Thought Leadership

How a Crisis Impacts Industrial Control Systems: COVID-19

Client Updates

The recent novel coronavirus (COVID-19) outbreak is causing significant disruption to the global economy and changing how many companies operate day-to-day. As work-from-home protocols are implemented and shelter-in-place orders continue to propagate, companies need to evaluate and revise their preparedness and response strategies for cyber-incidents. This is particularly true for companies employing industrial control systems (ICS) (e.g., DCS, SCADA, or PLS) to monitor and control critical equipment and processes.

Such systems are vital to the operation of critical infrastructure like pipelines, power generation and transmission equipment, and chemical processing facilities, which are often highly interconnected and mutually dependent. From a cyber-vulnerability standpoint, ICSs differ from traditional information processing systems, in part, because they can have direct and immediate physical effects if compromised. Increased interconnectedness opens these systems to cyber-attacks that could lead to serious financial issues, such as production losses or compromised proprietary information, regulatory issues, and even worse, damage to the environment, human health and safety, and the community.

In the wake of COVID-19, operational and technological personnel are working with understaffed teams and new demands on resources, leaving ICS systems potentially (and uniquely) vulnerable. Such distractions create opportunities for cyber-criminals or other bad actors to leverage multiple avenues to exploit these vulnerabilities, including:

  • Inadequate policies/procedures;
  • Inappropriate remote access controls;
  •  Improper software maintenance;
  • Improperly configured firewalls; or
  • Failure to observe and/or respond to inappropriate activity in the system.

Cybercriminals are targeting critical infrastructure to take advantage of this disruption in normal business operations. A recent example includes the newly-discovered EKANS (a.k.a. “Snake”) ransomware encrypts files and can disrupt certain industrial control systems processes. The process kill list that it uses is like a variant of the MegaCortex ransomware that emerged as a threat in 2019. Previous ICS-specific malware attacks appear to have been conducted by or at the behest of state actors for geopolitical purposes. It is highly concerning that this new threat appears to be used by non-state actors purely pursuing financial gain. As a result, these non-state actors could be emboldened by the COVID-19 outbreak and corresponding security vulnerabilities.

Companies should take these and other cyber-threats seriously and ensure that personnel are observing and following general security guidelines and best practices, including particular diligence when it comes to:

  • Scanning and filtering all electronic communications to thwart malicious campaigns;
  • Employing refresher security awareness among all personnel;
  • Applying a health-check on the network infrastructure (e.g., accurately configuring firewalls);
  • Ensuring that all devices and services are patched with up-to-date known vulnerabilities;
  • Ensuring that backup policies are in-place to support quick access to impacted files;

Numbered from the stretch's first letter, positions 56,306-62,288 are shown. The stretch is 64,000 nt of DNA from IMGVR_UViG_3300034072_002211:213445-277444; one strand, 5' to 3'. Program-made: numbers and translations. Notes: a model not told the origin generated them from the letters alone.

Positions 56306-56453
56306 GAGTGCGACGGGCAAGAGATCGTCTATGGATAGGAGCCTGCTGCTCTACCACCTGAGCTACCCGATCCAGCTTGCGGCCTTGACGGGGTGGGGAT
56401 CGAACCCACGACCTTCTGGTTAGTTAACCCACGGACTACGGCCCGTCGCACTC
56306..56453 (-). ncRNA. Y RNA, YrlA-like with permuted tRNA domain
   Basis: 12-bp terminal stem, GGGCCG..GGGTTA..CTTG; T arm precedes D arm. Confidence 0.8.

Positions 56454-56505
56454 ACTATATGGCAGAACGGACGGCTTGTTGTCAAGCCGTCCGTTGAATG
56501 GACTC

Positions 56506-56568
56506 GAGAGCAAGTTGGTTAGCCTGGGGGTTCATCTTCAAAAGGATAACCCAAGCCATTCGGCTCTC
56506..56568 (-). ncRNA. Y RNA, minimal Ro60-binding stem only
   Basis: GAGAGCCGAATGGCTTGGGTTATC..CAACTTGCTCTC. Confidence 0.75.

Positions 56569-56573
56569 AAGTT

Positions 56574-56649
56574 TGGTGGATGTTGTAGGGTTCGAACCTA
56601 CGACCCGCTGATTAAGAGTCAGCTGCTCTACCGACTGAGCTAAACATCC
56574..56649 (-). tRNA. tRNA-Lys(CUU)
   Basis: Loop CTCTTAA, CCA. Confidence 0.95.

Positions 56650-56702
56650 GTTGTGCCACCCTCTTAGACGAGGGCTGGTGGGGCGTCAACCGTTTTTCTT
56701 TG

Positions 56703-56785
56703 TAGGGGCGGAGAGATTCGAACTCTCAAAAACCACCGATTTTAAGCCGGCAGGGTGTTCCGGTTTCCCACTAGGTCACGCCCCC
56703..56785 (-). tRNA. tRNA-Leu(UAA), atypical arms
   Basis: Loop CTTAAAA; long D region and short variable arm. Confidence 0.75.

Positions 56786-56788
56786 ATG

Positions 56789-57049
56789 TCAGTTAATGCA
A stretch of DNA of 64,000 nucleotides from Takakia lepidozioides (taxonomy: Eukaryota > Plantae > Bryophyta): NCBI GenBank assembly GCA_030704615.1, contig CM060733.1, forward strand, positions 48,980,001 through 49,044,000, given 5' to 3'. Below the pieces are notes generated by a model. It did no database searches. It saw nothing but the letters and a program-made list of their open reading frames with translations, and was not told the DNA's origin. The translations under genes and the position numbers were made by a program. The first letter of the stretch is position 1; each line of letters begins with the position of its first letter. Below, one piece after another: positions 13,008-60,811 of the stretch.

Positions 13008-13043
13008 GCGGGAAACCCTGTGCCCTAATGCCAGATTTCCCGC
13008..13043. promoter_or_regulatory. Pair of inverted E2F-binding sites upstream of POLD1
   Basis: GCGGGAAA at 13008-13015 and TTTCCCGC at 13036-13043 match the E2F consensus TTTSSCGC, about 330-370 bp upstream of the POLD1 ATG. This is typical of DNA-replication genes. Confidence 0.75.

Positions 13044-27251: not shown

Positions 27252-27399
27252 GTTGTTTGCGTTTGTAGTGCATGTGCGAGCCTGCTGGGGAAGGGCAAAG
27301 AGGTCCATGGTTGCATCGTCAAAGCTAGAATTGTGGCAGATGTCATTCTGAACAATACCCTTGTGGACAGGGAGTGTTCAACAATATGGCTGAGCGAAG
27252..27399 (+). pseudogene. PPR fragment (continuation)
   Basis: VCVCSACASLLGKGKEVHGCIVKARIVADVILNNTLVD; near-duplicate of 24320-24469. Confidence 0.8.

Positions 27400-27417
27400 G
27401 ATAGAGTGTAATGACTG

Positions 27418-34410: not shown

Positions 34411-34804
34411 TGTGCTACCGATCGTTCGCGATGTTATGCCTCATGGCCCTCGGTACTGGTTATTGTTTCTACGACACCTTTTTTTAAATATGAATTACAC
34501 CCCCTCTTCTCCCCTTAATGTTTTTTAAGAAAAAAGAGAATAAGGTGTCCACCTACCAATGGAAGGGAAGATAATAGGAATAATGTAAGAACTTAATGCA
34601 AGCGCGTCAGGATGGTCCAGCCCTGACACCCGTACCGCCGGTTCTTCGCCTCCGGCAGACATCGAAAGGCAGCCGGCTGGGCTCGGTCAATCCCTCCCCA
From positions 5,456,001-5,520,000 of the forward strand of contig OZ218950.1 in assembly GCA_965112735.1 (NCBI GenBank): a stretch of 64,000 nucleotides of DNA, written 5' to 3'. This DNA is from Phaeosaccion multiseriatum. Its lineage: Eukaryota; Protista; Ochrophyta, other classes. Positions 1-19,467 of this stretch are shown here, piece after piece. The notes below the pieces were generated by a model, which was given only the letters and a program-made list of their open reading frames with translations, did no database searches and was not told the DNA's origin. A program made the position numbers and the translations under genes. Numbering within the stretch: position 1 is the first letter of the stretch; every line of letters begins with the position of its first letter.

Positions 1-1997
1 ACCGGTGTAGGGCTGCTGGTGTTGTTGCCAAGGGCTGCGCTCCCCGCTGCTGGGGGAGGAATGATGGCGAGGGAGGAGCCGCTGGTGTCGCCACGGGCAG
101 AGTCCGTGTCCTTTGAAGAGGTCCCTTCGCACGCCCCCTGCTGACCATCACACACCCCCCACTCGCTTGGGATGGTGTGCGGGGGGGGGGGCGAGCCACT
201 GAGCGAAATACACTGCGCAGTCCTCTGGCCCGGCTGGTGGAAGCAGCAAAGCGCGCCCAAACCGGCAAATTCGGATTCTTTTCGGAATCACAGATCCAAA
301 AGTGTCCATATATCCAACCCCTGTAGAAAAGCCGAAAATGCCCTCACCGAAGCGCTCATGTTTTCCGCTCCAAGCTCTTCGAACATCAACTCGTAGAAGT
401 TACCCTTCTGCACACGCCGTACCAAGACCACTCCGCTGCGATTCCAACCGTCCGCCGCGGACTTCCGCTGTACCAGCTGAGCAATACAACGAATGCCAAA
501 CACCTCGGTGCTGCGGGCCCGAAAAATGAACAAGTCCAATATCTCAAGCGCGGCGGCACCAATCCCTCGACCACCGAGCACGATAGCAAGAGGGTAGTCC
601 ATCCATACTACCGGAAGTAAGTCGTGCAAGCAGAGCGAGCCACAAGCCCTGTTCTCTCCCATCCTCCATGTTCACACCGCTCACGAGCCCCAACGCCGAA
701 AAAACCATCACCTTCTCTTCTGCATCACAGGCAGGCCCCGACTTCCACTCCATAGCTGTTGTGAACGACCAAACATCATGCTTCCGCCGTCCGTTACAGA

• Refreshing any incident response team on the company’s incident response action plan; and
  • Reviewing your cyber-security policies and procedures to ensure they are well-documented, consistent with best practices, and will withstand scrutiny by regulators in the wake of an incident.

Finally, the National Institute of Standards and Technology’s guidelines and recommendations on the protection of ICS are good reminders to health-check the company’s overall infrastructure. Such guidelines include:

  • Restricting logical access to ICS networks and network activity;
  • Restricting physical access to ICS networks and devices;
  • Restricting unauthorized modification of data;
  • Monitoring, detecting, and responding to security events and incidents; and
  • Maintaining functionality during adverse conditions.

Companies employing ICS should be increasingly vigilant about phishing schemes and encourage proper security hygiene from all employees. It is also important to remember that all companies are different, and varying controls and procedures may be appropriate depending on the size and complexity of the company, especially during such unusual and unexpected circumstances. The potential costs and follow-on effects from a cyber-intrusion are enormous, from regulatory sanction to securities or other litigation if the company has implemented sufficient safeguards or made adequate disclosures.

If you have any questions regarding these issues or how your organization can improve its security posture, please contact Matthew Baker, George Fibbe, or any member of Baker Botts’ Privacy and Data Security Team.

Baker Botts is an international law firm whose lawyers practice throughout a network of offices around the globe. Based on our experience and knowledge of our clients' industries, we are recognized as a leading firm in the energy, technology and life sciences sectors. Since 1840, we have provided creative and effective legal solutions for our clients while demonstrating an unrelenting commitment to excellence. For more information, please visit

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